- You have problems with your posture and back
- Price doesn’t matter to you
You shouldn’t buy one if…
- You want a cool racing/gaming seat
- You don’t want to spend more than $1000
Herman Miller Aeron: Verdict
If you’re spending lots of time sitting on your desk chair (and lots of money on an osteopath), then the Aeron is the chair that you’ve been looking for. Save up for it, expense it, steal the Declaration of Independence — it’s really worth the price you pay.
Of course, as good as it may be, that price is going to just be far too much for some people — and there are plenty of options out there for them. For those that can afford it, there really is not much better than the Aeron.
Office chair brilliance
Make no bones about it, the Aeron is a costly beast — but for the most comfortable and supportive chair you would expect to pay a lot of money. It's sturdy, long lasting, and good for you — the best around.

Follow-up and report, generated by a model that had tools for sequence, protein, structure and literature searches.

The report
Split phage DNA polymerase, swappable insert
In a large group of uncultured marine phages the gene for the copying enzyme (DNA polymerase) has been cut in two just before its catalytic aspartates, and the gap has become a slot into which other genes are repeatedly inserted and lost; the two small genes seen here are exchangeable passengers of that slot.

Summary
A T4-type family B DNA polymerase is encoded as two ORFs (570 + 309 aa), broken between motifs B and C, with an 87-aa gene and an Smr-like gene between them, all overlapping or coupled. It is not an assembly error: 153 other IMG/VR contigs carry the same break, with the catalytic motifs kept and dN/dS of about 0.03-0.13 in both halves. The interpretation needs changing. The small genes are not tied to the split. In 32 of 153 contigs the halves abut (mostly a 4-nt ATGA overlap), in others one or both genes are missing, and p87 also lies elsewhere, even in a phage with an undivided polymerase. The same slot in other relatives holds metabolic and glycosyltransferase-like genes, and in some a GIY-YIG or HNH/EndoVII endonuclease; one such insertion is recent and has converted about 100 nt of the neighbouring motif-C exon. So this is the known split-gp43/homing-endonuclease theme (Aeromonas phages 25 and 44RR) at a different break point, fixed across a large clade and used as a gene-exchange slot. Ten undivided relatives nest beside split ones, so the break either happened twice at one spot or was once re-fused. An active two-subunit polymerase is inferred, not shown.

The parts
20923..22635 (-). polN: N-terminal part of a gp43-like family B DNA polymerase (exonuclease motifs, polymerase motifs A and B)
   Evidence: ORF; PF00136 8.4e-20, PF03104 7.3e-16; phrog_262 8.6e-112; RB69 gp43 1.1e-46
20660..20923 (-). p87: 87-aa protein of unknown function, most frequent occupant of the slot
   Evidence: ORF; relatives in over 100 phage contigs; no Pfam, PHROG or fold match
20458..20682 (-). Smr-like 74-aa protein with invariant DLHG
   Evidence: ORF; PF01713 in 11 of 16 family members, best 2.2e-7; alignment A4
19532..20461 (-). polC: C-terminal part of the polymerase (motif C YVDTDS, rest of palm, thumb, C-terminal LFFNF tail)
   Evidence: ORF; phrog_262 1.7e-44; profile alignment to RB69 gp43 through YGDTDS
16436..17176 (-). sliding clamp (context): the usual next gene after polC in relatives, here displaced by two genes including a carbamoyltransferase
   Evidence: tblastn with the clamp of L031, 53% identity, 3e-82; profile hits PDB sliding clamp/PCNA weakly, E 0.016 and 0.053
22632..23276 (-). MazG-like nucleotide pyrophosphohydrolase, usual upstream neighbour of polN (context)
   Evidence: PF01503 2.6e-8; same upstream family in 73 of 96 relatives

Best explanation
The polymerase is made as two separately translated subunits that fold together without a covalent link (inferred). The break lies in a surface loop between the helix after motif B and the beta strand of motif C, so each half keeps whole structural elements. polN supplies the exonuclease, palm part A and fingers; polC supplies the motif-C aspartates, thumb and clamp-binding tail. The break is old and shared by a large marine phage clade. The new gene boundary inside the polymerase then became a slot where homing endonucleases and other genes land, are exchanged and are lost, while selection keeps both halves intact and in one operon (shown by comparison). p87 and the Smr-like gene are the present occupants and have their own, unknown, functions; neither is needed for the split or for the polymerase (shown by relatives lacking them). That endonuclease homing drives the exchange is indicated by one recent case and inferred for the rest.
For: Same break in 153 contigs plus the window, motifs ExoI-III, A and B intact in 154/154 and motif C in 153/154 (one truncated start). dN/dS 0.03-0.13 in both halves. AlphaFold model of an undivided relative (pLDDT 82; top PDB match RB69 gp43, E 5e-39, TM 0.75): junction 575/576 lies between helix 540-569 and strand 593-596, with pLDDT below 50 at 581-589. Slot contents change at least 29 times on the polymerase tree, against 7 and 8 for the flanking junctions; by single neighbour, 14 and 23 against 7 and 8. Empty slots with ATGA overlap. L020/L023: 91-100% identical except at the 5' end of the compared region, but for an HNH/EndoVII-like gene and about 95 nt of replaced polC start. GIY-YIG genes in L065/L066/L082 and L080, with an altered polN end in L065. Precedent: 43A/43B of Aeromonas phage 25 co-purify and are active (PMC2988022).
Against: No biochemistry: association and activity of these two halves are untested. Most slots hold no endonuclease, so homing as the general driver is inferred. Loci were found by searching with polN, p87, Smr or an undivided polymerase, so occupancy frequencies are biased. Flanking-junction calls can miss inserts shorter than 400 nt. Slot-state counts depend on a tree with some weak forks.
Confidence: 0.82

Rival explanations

As iMore's Senior Staff writer, Tammy uses her background in audio and Masters in screenwriting to pen engaging product reviews and informative buying guides. The resident audiophile (or audio weirdo), she's got an eye for detail and a love of top-quality sound. Apple is her bread and butter, with attention on HomeKit and Apple iPhone and Mac hardware. You won't find her far away from a keyboard even outside of working at iMore – in her spare time, she spends her free time writing feature-length and TV screenplays. Also known to enjoy driving digital cars around virtual circuits, to varying degrees of success. Just don't ask her about AirPods Max - you probably won't like her answer.